Chronic Back Pain: Why Doctors Are Stepping Back from Opioids to Treat It


Professional guidelines increasingly discourage the use of opioid painkillers as first-line treatment for chronic pain because of the risk of addiction and overdose deaths. On top of that, opioids may be no more effective for common types of chronic musculoskeletal pain than other drugs. This was the finding of a recent clinical trial reported in the Journal of the American Medical Association.

The study involved 240 patients from Veterans Affairs Clinics who had moderate to severe chronic back pain or hip or knee osteoarthritis. Half of the study participants were given opioid drugs (such as morphine, oxycodone, and hydrocodone), the other half received non-opioid drugs (such as acetaminophen, nonsteroidal anti-inflammatory drugs like ibuprofen, certain antidepressants, and topical analgesics); stronger drugs were added when needed. After 12 months, the investigators found no difference in pain-related function or quality of life between the two groups. In fact, pain intensity was reduced slightly more in the non-opioid group.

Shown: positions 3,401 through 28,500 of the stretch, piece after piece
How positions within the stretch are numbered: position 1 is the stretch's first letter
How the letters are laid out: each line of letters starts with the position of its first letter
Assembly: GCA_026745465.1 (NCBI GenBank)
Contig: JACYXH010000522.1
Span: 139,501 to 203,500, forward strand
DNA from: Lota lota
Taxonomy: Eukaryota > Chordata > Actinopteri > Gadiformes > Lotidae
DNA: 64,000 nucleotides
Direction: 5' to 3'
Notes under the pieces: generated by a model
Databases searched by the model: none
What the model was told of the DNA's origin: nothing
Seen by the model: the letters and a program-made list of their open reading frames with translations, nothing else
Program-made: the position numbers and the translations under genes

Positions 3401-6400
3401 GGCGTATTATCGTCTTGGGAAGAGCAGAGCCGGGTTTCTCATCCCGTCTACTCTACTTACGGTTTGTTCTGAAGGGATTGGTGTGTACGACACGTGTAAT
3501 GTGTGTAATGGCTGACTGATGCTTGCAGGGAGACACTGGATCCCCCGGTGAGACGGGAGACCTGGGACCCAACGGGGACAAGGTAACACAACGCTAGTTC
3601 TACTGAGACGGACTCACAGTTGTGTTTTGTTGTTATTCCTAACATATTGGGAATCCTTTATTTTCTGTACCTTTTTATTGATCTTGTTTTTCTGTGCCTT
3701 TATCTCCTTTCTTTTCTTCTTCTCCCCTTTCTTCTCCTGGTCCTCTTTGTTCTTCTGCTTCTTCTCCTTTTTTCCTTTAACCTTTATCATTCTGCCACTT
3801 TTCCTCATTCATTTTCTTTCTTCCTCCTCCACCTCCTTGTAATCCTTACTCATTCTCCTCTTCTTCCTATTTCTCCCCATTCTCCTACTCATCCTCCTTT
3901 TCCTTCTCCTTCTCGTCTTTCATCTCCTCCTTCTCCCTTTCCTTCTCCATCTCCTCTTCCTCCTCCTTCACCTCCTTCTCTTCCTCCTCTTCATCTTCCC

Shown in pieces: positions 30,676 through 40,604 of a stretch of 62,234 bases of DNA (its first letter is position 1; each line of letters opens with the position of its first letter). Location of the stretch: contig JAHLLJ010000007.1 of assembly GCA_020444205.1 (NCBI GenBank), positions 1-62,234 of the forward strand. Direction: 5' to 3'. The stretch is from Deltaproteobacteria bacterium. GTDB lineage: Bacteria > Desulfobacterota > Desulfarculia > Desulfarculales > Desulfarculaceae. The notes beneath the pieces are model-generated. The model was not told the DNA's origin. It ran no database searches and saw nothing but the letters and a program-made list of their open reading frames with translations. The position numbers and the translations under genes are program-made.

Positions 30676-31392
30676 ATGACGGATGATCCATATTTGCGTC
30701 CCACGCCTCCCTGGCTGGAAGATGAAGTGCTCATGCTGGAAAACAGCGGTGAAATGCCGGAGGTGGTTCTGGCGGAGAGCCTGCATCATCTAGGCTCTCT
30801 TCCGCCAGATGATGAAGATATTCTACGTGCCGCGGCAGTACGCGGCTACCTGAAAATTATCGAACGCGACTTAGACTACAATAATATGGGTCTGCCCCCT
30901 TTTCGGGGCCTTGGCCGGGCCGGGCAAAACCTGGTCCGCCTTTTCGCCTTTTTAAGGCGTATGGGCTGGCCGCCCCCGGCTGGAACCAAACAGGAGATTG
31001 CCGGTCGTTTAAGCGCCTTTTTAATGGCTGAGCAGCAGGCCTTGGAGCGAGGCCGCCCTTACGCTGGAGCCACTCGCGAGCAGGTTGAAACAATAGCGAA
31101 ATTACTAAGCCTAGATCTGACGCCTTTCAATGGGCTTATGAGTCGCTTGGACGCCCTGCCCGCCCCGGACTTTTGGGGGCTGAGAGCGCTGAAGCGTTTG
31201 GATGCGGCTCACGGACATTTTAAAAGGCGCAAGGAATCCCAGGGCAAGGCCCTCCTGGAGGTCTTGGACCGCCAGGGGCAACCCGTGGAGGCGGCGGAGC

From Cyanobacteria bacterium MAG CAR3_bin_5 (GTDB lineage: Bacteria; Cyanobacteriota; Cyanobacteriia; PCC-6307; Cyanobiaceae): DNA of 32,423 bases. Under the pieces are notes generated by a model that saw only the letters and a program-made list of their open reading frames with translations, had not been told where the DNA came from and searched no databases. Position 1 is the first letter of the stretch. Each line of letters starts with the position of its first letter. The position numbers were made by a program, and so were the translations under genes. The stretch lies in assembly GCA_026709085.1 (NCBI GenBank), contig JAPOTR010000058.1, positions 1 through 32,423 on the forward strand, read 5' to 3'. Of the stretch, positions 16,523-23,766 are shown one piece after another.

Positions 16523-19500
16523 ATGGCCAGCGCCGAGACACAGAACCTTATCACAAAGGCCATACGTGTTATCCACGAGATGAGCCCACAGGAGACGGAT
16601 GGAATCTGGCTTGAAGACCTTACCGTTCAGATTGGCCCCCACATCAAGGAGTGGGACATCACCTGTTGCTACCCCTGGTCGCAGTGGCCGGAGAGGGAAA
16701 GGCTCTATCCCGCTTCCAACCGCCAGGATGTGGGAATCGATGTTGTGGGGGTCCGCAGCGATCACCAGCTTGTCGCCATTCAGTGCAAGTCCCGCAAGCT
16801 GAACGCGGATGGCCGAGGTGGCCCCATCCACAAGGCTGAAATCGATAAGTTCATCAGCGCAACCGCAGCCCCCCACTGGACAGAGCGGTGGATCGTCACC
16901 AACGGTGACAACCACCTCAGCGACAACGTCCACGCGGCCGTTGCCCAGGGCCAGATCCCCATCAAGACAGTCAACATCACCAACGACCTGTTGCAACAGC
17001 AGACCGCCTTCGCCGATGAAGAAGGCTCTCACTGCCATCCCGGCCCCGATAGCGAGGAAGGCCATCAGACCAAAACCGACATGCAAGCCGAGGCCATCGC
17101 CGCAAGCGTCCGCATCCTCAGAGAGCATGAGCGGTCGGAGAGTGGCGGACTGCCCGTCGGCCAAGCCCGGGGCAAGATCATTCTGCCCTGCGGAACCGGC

The results of this and other studies suggest that the long-term use of opioids to treat chronic non-cancer pain (notably back pain or pain from hip or knee arthritis) should be the exception rather than the rule.